To all those investors and advisors shying away from energy stocks because of their underperformance this year and last, Sam Stovall, U.S. equity strategist at S&P Capital IQ, has a message for you: Don’t.
“There comes a point in which a group becomes so unloved that it begs to be bought and put away for an eventual recovery,” Stovall writes in his latest U.S. Equity Research Sector Watch note. “Today, global energy stocks could be making that same plea.”
Over the past year the S&P Global 1200 Energy Sector Index has fallen 22.4% while the broader S&P Global 1200 index has gained 1.87%. The energy sector, which peaked in 2008, is trading well below its average — more than two standard deviations below — which may represent a long-term buying opportunity, writes Stovall.
He recommends that investors combine purchases of energy stocks with purchases of consumer staples and technology, in equal parts. “In the past 10 years, a portfolio consisting of an equal exposure to the S&P Global 1200 consumer staples, energy and tech sectors produced a higher compound annual growth rate than the S&P Global 1200 with lower volatility,” writes Stovall. He calls the portfolio a “free lunch,” getting “something for nothing — higher return with lower volatility.”
Over the past 20 years a hypothetical portfolio evenly divided among these three sectors, rebalanced annually, returned a compound annual growth rate (CAGR) of 8.7%, compared with just 6% for the S&P Global 1200 index, according to Stovall. The sectors are not well correlated and tend to outperform during different phases of the economic cycle.
Consumer staples are defensive, representing companies whose business performance is not closely tied to the health of the economy. Technology stocks are cyclical, tending to do well when economic growth is strong, and energy stocks are a “late cycle inflation hedge,” writes Stovall.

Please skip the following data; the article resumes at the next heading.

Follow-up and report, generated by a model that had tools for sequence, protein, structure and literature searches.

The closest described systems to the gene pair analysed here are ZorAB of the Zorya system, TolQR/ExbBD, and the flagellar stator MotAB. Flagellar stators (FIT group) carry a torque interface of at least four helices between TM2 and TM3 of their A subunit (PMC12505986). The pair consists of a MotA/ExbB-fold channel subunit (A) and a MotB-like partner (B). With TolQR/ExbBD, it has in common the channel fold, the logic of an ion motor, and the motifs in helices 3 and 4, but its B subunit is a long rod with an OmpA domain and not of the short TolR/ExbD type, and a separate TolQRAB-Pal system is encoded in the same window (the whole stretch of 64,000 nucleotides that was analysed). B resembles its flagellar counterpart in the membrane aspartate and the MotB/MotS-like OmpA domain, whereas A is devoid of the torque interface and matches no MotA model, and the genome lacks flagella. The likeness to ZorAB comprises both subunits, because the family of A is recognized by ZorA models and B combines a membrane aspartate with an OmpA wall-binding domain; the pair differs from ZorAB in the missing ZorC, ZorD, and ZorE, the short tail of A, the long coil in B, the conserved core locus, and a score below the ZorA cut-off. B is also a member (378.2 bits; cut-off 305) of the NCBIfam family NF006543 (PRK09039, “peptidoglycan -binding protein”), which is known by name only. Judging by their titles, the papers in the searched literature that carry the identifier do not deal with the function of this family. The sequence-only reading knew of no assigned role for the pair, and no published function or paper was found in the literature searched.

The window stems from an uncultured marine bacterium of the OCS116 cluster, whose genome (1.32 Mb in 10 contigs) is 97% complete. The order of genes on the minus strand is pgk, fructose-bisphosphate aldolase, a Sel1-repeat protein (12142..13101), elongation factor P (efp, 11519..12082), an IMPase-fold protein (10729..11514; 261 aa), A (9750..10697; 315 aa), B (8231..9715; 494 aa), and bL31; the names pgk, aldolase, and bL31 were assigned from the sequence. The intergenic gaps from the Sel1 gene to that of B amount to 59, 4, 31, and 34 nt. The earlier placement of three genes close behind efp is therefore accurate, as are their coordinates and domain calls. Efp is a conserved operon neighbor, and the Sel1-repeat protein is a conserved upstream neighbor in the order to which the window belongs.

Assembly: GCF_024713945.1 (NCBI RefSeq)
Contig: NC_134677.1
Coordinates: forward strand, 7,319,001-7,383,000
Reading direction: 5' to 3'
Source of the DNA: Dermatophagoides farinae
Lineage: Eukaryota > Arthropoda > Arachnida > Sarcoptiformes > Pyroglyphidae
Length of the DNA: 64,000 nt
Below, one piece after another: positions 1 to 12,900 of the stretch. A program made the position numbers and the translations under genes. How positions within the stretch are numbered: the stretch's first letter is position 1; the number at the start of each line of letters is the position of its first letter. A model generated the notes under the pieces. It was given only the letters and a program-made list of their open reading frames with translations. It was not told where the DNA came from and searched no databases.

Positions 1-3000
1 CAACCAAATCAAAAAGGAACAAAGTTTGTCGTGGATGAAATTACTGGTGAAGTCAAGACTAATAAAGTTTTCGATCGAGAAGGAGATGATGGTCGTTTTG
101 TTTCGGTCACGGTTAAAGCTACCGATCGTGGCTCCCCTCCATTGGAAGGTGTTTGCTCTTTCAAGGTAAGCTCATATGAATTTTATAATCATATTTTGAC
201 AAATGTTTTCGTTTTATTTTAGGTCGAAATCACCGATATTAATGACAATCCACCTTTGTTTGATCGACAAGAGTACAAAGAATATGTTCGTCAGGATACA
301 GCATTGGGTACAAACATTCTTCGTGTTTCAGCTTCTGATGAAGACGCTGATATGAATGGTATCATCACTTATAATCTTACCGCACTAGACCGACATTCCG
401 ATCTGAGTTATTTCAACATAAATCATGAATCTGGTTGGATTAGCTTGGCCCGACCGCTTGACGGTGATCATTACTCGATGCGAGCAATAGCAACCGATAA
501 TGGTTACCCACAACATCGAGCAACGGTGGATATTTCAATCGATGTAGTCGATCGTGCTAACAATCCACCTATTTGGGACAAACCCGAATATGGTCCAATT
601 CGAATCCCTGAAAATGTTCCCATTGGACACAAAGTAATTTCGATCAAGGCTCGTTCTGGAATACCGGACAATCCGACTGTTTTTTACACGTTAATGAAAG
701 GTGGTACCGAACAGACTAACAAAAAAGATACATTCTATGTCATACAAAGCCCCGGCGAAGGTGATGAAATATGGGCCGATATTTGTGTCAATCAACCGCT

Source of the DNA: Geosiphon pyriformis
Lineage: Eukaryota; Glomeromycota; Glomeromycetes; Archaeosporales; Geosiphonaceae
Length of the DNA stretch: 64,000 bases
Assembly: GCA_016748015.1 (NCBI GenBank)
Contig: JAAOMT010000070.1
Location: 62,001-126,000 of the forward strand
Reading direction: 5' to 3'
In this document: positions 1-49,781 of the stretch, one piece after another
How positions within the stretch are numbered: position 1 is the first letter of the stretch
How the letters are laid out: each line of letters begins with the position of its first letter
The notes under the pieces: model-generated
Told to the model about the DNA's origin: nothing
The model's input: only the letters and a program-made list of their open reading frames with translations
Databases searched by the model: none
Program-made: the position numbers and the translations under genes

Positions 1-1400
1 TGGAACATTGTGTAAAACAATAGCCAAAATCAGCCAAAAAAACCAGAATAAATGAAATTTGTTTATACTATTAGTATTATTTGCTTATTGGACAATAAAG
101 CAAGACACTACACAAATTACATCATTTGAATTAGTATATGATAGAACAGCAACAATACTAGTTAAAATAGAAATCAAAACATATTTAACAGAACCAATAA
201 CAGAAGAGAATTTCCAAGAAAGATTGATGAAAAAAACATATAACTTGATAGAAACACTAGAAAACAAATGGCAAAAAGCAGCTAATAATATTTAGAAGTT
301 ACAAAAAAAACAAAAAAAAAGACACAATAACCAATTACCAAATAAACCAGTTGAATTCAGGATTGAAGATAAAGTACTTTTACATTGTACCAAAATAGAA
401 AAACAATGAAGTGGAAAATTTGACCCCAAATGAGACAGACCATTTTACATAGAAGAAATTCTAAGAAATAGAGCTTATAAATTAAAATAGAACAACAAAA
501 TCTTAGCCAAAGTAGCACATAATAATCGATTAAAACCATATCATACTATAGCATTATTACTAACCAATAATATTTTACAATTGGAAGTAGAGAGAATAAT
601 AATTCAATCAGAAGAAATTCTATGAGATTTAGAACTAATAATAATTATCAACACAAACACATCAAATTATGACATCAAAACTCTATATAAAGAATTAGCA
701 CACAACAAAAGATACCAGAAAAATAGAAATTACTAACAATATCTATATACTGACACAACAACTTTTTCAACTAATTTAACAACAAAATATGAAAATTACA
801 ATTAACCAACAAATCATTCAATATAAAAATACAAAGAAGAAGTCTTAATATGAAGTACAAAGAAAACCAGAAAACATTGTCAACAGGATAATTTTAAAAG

“The most attractive aspect of energy stocks are their valuation,” said Talley Leger, the founder and investment strategist at Macro Vision Research, who spoke on a recent panel at the ETF.com Global Macro Conference in New York. “Oil stocks are trading at a 35% discount to the market … [but] we don’t have a catalyst yet” to possibly move those stocks higher.
In the meantime, he said, oil company sales are depressed because of the sluggish global economy. “Investors hunting for value in the energy sector should be patient.”
Oil prices are trading near $60 a barrel, having recovered from just under $44 in March. But a year ago they were trading near $107 a barrel. Many oil companies “are still losing money,” Leger said. “Things are improving, but we still have a ways to go before these companies are profitable.”
In general companies involved in fracking, which tend to be smaller and with heavier debt loads, are the most vulnerable while refiners are the least because they benefit from the cheaper crude oil that they refine into products like gasoline and heating oil. But “if oil prices continue to appreciate, down the road…that will benefit the integrateds,” said Leger, referring to the big oil companies like Exxon Mobil (XOM) that integrate exploration and production with refining.
“Shale broke the demand-led supercycle” for oil, said Aakash Doshi, vice president of commodities research at Citigroup Global Markets, who shared the panel with Leger. He doesn’t expect oil prices will reach $75 a barrel until the end of next year or the following year.
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